Early Childhood Care and Education: International Perspectives

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EDEC 622 - Seminar in Early Childhood Care and Education: International Perspectives

Log In Sign Up. Papers People. Saavedra, C. B Swadener Eds. Educating for Social Justice in Early Childhood. London: Routledge.


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Save to Library. Contesting early childhood professional identities: A cross-national discussion. In this collective article, the authors explore constructions of early childhood practitioners and how they disconnect and reconnect in a global neo-liberal education policy context. The contributions to the conversation provide windows The contributions to the conversation provide windows into shifting professional identities across five national contexts: New Zealand, the USA, Ireland, Australia and Denmark.

The authors ask who benefits from the notion of distinct professional identities, linked to early childhood education as locally and culturally embedded practice. Arguments for the urgency to counter the global uniformity machine, streamlined curricula, standardized assessment and deprofessionalization are not new. However, the authors wonder whether these arguments are missing something. Colette murray. Induction and mentoring in early childhood educational organizations: Embracing the complexity of teacher learning in contexts. This mixed-method study looked at perceptions of induction and mentoring among New Zealand early childhood educators.

Specifically, respondents drawn from five regions representing urban, rural and differing socioeconomic levels, Specifically, respondents drawn from five regions representing urban, rural and differing socioeconomic levels, school organizations, and professional roles completed a item psy-chometrically sound survey.

International perspectives on early childhood education and care in SearchWorks catalog

Qualitative analysis of the transcripts revealed several important themes that served to amplify or extended the survey results. Implications of the quantitative and qualitative results are overviewed. Langdon, F. Teaching and Teacher Education. Edu-capitalism and the governing of early childhood education and care in Australia, New Zealand and the United States.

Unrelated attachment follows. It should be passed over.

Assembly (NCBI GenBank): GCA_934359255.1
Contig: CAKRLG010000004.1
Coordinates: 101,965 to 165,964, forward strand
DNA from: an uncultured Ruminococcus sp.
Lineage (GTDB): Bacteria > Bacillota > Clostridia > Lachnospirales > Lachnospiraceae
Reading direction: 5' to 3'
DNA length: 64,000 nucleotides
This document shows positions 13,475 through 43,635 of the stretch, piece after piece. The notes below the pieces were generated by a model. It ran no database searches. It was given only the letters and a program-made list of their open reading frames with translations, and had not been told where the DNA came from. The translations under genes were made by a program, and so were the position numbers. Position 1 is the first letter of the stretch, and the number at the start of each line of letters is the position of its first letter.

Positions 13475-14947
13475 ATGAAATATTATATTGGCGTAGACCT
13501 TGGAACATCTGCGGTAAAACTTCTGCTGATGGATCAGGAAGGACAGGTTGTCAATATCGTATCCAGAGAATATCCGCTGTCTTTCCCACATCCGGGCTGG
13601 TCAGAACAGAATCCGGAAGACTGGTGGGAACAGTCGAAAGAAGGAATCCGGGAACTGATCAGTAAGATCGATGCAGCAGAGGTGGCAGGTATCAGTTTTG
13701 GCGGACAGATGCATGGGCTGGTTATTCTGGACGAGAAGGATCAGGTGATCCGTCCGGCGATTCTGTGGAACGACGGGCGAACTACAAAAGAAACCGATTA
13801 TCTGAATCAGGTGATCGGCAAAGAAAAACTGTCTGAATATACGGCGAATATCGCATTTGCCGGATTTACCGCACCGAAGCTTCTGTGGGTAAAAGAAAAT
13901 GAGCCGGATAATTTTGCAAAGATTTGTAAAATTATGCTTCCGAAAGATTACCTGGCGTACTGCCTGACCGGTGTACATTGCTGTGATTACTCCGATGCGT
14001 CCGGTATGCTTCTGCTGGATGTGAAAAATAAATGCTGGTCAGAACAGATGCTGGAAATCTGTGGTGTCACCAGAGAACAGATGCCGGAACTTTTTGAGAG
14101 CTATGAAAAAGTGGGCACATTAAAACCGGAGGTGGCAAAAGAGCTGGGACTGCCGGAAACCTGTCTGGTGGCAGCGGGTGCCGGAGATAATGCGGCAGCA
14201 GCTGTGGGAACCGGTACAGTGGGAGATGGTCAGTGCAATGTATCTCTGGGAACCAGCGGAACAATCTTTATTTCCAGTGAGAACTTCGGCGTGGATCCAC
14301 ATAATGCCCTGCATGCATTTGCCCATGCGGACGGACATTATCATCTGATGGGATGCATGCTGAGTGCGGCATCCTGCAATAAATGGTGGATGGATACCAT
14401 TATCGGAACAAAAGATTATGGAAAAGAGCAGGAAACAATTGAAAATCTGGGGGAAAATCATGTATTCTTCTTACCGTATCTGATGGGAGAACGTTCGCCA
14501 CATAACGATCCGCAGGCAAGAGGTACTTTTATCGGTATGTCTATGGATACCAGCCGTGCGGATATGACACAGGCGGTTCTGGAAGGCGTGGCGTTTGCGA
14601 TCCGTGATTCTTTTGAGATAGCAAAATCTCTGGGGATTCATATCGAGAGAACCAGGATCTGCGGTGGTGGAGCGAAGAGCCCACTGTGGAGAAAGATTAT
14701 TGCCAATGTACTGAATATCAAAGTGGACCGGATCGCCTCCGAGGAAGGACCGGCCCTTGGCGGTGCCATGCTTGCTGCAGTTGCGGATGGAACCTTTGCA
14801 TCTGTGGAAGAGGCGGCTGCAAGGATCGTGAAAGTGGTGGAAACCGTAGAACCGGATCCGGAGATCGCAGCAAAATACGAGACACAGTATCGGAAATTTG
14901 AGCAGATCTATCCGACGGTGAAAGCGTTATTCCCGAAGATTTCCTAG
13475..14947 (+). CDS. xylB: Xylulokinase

Smith, K. Global Studies of Childhoods, 6 1 , — Current frameworks, standards and assessment tools govern and control how early childhood educators see and assess children and in turn develop and implement pedagogy. Issues of gender, class and ethnicity are invisible with the assumption that all children who are offered high-quality early childhood programmes have equal opportunities to be productive and therefore successful citizens. Success can be understood through universal outcomes for children and markers of what quality teaching looks like for educators. This epistemological shutter renders race-, class-and gender-based privilege as invisible or non-existent.

In doing so, dominant White Western understandings of the world drive what and who is marked as 'success ful ', while non-Western knowledge continues to be seen as primitive, insignificant and in need of intervention. Early childhood assessment in Aotearoa New Zealand: Critical perspectives and fresh openings. Arndt, S. Journal of Pedagogy, 6 2 , 71— We outline historical and societal underpinnings of these practices, and elevate the essence of assessment through learning stories and their particular ontological and epistemological aims and purposes.

The paper emphasizes early childhood teaching and learning as a complex relational, inter-subjective, material, moral and political practice. It adopts a critical lens and begins from the premise that early childhood teachers are in the best position to make decisions about teaching and learning in their localized, contextualized settings, with and for the children with whom they share it. We examine the notion of effectiveness and 'what works' in assessment, with an emphasis on the importance of allowing for uncertainty, and for the invisible elements in children's learning.